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Periodical article Periodical article Leiden University catalogue Leiden University catalogue WorldCat catalogue WorldCat
Title:Literary studies in South Africa: contexts of value and belief
Author:Chapman, M.ISNI
Periodical:The English Academy Review
Geographic term:South Africa
External link:https://doi.org/10.1080/10131758585310131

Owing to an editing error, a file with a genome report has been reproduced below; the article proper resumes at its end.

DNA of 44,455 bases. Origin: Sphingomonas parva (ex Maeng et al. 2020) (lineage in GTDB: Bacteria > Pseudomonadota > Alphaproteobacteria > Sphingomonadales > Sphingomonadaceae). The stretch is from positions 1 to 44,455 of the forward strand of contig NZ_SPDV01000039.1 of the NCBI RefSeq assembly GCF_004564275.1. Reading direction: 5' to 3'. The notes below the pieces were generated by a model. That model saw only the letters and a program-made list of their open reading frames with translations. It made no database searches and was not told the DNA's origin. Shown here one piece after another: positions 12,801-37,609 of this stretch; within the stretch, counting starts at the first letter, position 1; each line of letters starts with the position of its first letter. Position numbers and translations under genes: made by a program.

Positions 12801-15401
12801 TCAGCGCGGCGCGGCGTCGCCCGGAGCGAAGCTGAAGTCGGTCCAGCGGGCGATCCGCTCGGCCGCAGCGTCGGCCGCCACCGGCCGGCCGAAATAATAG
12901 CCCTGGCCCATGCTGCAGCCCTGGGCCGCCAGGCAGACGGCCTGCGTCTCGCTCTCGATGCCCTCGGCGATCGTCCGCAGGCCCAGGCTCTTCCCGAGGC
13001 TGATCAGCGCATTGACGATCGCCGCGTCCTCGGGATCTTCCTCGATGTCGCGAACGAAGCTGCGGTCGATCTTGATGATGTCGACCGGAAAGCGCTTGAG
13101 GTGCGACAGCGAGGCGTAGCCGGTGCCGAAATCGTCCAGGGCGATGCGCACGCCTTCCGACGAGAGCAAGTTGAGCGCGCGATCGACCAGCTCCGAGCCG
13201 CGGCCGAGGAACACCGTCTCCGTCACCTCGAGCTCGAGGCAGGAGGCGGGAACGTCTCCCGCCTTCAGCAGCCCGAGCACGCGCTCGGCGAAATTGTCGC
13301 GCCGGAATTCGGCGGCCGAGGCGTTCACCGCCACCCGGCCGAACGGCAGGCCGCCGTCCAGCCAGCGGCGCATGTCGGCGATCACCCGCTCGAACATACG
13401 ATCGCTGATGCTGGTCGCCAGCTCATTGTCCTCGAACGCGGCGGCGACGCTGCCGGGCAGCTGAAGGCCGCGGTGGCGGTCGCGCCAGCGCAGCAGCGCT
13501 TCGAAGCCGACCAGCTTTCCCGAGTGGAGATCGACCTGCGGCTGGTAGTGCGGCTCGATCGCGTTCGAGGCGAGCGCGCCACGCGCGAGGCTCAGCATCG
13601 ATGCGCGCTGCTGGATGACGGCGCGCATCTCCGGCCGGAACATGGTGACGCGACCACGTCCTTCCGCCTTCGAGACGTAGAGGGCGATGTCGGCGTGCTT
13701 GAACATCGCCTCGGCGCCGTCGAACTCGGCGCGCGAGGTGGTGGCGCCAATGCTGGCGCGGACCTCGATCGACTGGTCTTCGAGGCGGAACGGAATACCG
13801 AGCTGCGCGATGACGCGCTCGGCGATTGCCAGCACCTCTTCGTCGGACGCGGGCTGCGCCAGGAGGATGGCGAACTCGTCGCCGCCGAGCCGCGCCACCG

Abstract:Recognizing the legitimacy and vitality of social, cultural and literary heterogeneity and taking cognizance also of a worldwide movement towards greater self-reflexivity and diversity in the humanities, the author looks at the relation of literary studies to contexts of value and belief. In South Africa, critical discourse has often reflected a rhetoric of contempt directed at forms of indigenous literary experience and expression. But, over the last decade an invigorating sense of regional and literary identity has begun to manifest itself in areas of humanistic study. There have always been writers and academics who, without necessarily sacrificing fundamental beliefs in humane values, have at the same time pointed the way to fruitful interactions between their British inheritance and South African landscapes, physical, psychological and social. By examining how works were produced in the past, and have been reproduced at subsequent critical moments, students should begin to appreciate the value of scholarly inquiry, and to become aware that critical articulation is not a free 'responsiveness to life', but an activity combining discipline with individualized insights. Exercises in the contextualization of texts are probably best begun, as far as South African students are concerned, close to their own time and place. The fact that South African writers, black and white, engaged centrally, in the 1970s, in debates as to the relation of literary creation to the problems of living in the here and now, can be used as a point of reference. Note, ref.